Black vaudeville acts are featured in this Vitaphone Pepper Pot short. In addition to those listed in the credits, acts include The 3 Whippets, a group of acrobats; and The Five Racketeers,... See full summary »
The Nicholas Brothers,
The 3 Whippets
Fender is a lowly clerk in the warehouse of clothing manufacturers Ranting and Co. His one ambition is to have an overcoat of his own. Refused one by the cold hearted Ranting he asks a ... See full summary »
A Warners/Vitaphone short that proves the Vitaphone shorts operation in New York was every bit as capable of making just as bad short subjects as those churned out by Educational Pictures. ... See full summary »
The curtain opens; behind it are two pianos where Charles Bourne and Phil Ellis, billed as the Music Boxes, are seated playing. After a few bars, Blossom Seeley and Bennie Fields enter - ... See full summary »
Cab Calloway advises a train conductor to get his wife a radio so she won't step out. But she does anyway, meeting Cab at the Cotton Club. While the husband's away, Cab visits the wife at home; but there's a surprise in store for all concerned. Written by
Rod Crawford <firstname.lastname@example.org>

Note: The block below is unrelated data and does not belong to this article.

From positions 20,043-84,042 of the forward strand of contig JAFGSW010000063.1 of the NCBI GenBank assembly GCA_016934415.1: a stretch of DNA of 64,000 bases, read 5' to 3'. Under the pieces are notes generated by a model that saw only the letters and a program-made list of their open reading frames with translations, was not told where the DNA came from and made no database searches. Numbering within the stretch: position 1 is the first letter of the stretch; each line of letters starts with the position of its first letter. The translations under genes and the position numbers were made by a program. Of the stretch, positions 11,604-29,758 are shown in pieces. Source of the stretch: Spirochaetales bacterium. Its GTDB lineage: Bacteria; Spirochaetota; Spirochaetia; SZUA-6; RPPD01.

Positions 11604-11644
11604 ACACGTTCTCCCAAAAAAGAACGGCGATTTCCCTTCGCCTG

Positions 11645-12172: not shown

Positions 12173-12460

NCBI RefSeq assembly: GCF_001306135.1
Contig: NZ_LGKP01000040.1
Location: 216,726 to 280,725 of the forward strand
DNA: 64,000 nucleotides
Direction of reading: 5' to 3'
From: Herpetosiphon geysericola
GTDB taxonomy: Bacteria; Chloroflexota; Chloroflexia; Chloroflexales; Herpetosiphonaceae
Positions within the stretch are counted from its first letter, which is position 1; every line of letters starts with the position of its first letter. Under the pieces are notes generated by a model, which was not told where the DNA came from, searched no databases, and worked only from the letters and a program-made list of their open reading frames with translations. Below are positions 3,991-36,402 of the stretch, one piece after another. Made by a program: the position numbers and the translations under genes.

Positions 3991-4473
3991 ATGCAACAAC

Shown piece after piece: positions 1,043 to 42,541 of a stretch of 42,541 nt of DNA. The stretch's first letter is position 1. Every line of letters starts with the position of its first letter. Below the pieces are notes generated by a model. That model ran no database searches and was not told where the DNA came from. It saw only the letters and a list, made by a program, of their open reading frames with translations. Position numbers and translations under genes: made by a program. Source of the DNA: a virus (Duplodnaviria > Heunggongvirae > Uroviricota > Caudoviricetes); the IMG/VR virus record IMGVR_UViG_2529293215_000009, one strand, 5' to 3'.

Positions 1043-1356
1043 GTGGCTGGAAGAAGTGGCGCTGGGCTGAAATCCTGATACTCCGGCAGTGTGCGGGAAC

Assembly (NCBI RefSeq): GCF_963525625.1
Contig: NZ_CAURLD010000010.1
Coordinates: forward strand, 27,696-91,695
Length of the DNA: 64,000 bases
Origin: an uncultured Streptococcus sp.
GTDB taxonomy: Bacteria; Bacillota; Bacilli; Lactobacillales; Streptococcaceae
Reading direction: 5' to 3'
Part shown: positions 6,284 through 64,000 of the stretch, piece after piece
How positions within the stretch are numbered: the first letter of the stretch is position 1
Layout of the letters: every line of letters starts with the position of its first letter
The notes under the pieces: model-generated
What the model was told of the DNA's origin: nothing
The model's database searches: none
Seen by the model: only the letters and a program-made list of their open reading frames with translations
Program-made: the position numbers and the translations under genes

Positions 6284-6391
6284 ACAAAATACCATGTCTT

A rather strange one-reeler from Paramount features Cab Calloway performing three songs (I Love a Parade, Lady with the Fan, Zaz Zuh Zaz) and while they're all terrific numbers the thing that really stands out here is the story. It starts off with Calloway on a train and receiving a telegram that the Cotton Club wants him to change the opening number so he wakes his band up and they start rehearsing. After a music number we see the conductor on the train giving his wife a radio so that she can listen to Cab but instead she goes to the club to see him. The film then presents us with another number and then it flashes back to the woman's apartment where she's now making out with Cab on the couch when her husband comes back home. As you can tell, the story is certain pre-code and I found it somewhat shocking that Paramount would show the jazz star in the arms of a married woman but perhaps this was just part of the image back in the day. Even in 2011 it's pretty brass to present the story this way but at least it keeps you entertained and it's certainly something you don't typically see from this era. The three music numbers are all extremely good but the most catchy one is certainly Lady with the Fan, which takes place at the Cotton Club. The music is extremely catchy as are the lyrics and the added visuals are just icing on the cake. Fans of Cab or these period of jazz will certainly want to check this one out.
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